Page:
The main speaker was Stephen Kay QC — the man who had been appointed by the Court at The Hague to defend Slobodan Milosevic, much against Milosevic’s will because he had wanted to defend himself.

[Read the complete story in the print edition]

International News

Strikes sweep Greece as debt talks continue

by Maria Spiliopoulou

GREECE was paralysed on Tuesday by a 24-hour nationwide general strike as Prime Minister Lucas Papademos and leaders backing his transitional government meet to decide on a new bailout to prevent a default in March.

Greek politicians are under increasing pressure from EU and IMF lenders to pass new austerity measures in exchange for a second €130 billion rescue package. Leaders failed to reach an agreement with EU, IMF auditors in Athens on Sunday and Monday. Pressure is also being mounted by Greek society, struggling with record high unemployment rates and deep recession since the start of the debt crisis in late 2009.

[Read the complete story in the print edition]

Algeria shows Nato the door

by Sergei Balmasov

OVER the past 20 years Algeria had become a leading partner of the West in the fight against terrorism. Now relations with Nato have soured following what happened to Libya last year. Algeria more or less openly supported Colonel Gaddafi during the conflict and that has seriously complicated the relationship with the Nato powers.

Nato repeatedly asked the Algerian leadership to explain why they supported the Gaddafi government. In November, soon after the death of Gaddafi, relations took a turn worse when Algeria banned American and French drones from flying over its territory.

[Read the complete story in the print edition]

Struggle for the release of the Cuban Five reaches the Antarctic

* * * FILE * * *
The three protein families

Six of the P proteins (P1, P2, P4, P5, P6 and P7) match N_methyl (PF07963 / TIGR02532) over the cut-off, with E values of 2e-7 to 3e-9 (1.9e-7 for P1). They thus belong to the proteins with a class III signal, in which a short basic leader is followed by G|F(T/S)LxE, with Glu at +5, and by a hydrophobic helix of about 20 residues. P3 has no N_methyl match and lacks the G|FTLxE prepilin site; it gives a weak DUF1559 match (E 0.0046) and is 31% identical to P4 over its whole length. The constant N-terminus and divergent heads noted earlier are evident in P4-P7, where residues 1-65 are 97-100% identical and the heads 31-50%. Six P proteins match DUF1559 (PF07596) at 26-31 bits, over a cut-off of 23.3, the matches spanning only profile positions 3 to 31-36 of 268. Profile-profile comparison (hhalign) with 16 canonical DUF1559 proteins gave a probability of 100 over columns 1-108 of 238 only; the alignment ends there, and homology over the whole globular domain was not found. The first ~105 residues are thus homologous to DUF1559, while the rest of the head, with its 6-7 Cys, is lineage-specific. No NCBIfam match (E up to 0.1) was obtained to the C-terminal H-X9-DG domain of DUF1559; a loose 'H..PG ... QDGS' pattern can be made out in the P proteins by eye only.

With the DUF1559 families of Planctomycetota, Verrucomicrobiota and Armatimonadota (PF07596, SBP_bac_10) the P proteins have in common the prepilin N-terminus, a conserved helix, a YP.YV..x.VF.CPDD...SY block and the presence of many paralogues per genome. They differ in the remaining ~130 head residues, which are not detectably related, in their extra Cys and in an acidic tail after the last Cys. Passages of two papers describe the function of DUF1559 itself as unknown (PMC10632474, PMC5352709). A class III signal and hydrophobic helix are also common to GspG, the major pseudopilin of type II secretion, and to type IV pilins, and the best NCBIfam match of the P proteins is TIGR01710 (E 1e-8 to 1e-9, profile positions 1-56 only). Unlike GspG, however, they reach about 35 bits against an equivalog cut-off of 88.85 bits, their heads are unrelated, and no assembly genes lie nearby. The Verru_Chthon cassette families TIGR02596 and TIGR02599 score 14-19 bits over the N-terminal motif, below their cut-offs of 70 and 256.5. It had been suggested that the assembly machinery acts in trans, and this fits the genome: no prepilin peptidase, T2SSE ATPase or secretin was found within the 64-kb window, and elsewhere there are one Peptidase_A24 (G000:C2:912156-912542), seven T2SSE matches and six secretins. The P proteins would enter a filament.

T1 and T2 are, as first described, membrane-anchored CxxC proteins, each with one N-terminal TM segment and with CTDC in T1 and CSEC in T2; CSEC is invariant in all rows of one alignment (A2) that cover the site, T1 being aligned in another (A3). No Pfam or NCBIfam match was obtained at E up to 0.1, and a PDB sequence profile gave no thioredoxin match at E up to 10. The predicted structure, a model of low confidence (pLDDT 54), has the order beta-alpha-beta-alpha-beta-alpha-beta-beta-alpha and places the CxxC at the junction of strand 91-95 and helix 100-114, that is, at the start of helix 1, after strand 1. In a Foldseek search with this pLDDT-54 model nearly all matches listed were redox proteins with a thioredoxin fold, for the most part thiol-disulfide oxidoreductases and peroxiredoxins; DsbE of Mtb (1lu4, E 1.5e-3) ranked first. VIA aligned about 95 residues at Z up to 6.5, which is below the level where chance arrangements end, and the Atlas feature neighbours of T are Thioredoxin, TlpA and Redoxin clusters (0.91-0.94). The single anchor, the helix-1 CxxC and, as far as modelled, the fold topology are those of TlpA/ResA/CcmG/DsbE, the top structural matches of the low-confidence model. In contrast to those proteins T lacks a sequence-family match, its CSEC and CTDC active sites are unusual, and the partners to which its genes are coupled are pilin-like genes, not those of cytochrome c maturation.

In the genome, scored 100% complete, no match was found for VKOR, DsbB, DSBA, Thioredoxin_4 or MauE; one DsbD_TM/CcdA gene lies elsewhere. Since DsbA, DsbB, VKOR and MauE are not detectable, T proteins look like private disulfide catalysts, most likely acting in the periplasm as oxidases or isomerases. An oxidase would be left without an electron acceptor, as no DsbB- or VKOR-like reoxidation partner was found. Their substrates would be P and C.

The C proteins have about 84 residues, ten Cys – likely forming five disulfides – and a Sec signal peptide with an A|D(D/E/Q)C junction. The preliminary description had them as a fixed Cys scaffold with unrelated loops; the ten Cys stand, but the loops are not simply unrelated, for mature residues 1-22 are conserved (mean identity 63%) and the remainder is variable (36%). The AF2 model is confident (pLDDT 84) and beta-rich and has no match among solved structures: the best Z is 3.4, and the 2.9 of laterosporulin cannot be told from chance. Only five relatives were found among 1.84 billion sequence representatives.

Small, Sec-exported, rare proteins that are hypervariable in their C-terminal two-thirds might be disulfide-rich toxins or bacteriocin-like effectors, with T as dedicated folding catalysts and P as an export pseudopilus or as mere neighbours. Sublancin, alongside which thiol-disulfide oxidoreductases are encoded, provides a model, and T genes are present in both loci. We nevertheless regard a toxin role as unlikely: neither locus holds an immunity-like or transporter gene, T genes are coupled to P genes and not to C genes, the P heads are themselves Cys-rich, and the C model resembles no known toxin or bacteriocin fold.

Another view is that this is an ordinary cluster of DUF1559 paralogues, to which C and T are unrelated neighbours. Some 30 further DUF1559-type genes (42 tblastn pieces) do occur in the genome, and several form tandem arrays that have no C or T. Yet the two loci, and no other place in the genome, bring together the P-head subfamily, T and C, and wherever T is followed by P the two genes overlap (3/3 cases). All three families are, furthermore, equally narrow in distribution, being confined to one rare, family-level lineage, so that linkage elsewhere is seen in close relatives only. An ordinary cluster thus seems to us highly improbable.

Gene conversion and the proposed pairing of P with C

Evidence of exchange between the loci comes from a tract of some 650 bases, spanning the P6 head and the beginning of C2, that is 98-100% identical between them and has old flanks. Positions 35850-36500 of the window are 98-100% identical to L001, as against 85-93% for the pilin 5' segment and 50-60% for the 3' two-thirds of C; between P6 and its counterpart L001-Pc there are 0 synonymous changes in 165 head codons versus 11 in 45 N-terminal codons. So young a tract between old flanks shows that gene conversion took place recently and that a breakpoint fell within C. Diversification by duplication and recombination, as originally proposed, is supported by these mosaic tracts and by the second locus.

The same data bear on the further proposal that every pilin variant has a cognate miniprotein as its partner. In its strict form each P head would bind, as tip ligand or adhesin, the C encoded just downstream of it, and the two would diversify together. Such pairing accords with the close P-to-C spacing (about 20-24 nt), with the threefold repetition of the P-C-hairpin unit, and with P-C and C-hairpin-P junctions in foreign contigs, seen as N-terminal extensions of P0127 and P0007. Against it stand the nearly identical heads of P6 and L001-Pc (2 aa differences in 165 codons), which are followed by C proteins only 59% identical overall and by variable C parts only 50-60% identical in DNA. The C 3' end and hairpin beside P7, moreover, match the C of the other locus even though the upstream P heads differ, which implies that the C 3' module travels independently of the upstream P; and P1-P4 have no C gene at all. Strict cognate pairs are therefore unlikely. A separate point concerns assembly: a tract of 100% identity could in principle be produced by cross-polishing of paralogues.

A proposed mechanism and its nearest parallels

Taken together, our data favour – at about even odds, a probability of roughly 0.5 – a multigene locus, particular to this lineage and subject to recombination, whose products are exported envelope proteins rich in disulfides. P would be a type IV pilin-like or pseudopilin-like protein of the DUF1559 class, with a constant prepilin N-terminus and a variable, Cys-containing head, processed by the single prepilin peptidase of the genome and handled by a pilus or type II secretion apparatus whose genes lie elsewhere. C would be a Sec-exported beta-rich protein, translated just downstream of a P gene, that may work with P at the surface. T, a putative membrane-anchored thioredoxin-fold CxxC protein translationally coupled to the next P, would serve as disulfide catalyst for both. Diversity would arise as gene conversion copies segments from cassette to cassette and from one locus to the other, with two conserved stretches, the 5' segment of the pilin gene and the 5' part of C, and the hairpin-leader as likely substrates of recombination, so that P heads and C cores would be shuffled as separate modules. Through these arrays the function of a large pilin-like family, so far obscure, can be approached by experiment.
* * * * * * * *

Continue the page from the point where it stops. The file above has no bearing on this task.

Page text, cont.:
by Leandro

THE DEMAND for the release of the five Cuban counter-terrorism fighters imprisoned in United States will reach the white shores of the Antarctic on 24th February.

That’s the day a multicultural polar expedition is expected to arrive in the southern ice continent. Vladimir Koshliev, head of the polar expedition, told reporters that the solidarity group will install a banner portraying the images of Gerardo Hernandez, Ramon Labanino, Fernando Gonzalez, Antonio Guerrero and Rene Gonzalez at the airport of King George Island.

[Read the complete story in the print edition]


Hurrah for a free press!

by Rob Gowland

The owners of the corporations that control “free enterprise” news media make a big song and dance about their “independence and freedom” being a cornerstone of democracy, but the last thing they want is for the news media to be taken over by the people, no matter how democratic that might be.

No, monopoly control over access to news is in fact a cornerstone of monopoly class rule, and the ruling class has no intention of giving up that control. In fact, maintaining private, for-profit control over the mass media is fundamental to capitalism.

Of course, the ruling class cannot expect much support from the mass of the people for that argument, so they dress it up in high-sounding phrases about “free speech” and the benefits of a “free press”, meaning free of government or community control, not free of corporate control.

[Read the complete story in the print edition]

Spain behind bars

by Sergio A Gómez Gallo

THE NUMBER of prisoners in Spain has dramatically increased during the last 10 years and currently stands at more than 77,000, thus placing this nation among European Union countries with the highest rate of inmates per total population.

[Read the complete story in the print edition]

1912: The Tories stir sectarianism in Ireland

THE YEAR 2012 marks the centenary of the escalation of what was known as the Home Rule crisis, during which the opposition Conservative and Unionist Party in Britain ruthlessly stoked Ulster unionist sectarianism. The Tories went so far as to threaten civil war in order to topple the Liberal Government and to prevent any measure of even limited Irish autonomy.

[Read the complete story in the print edition]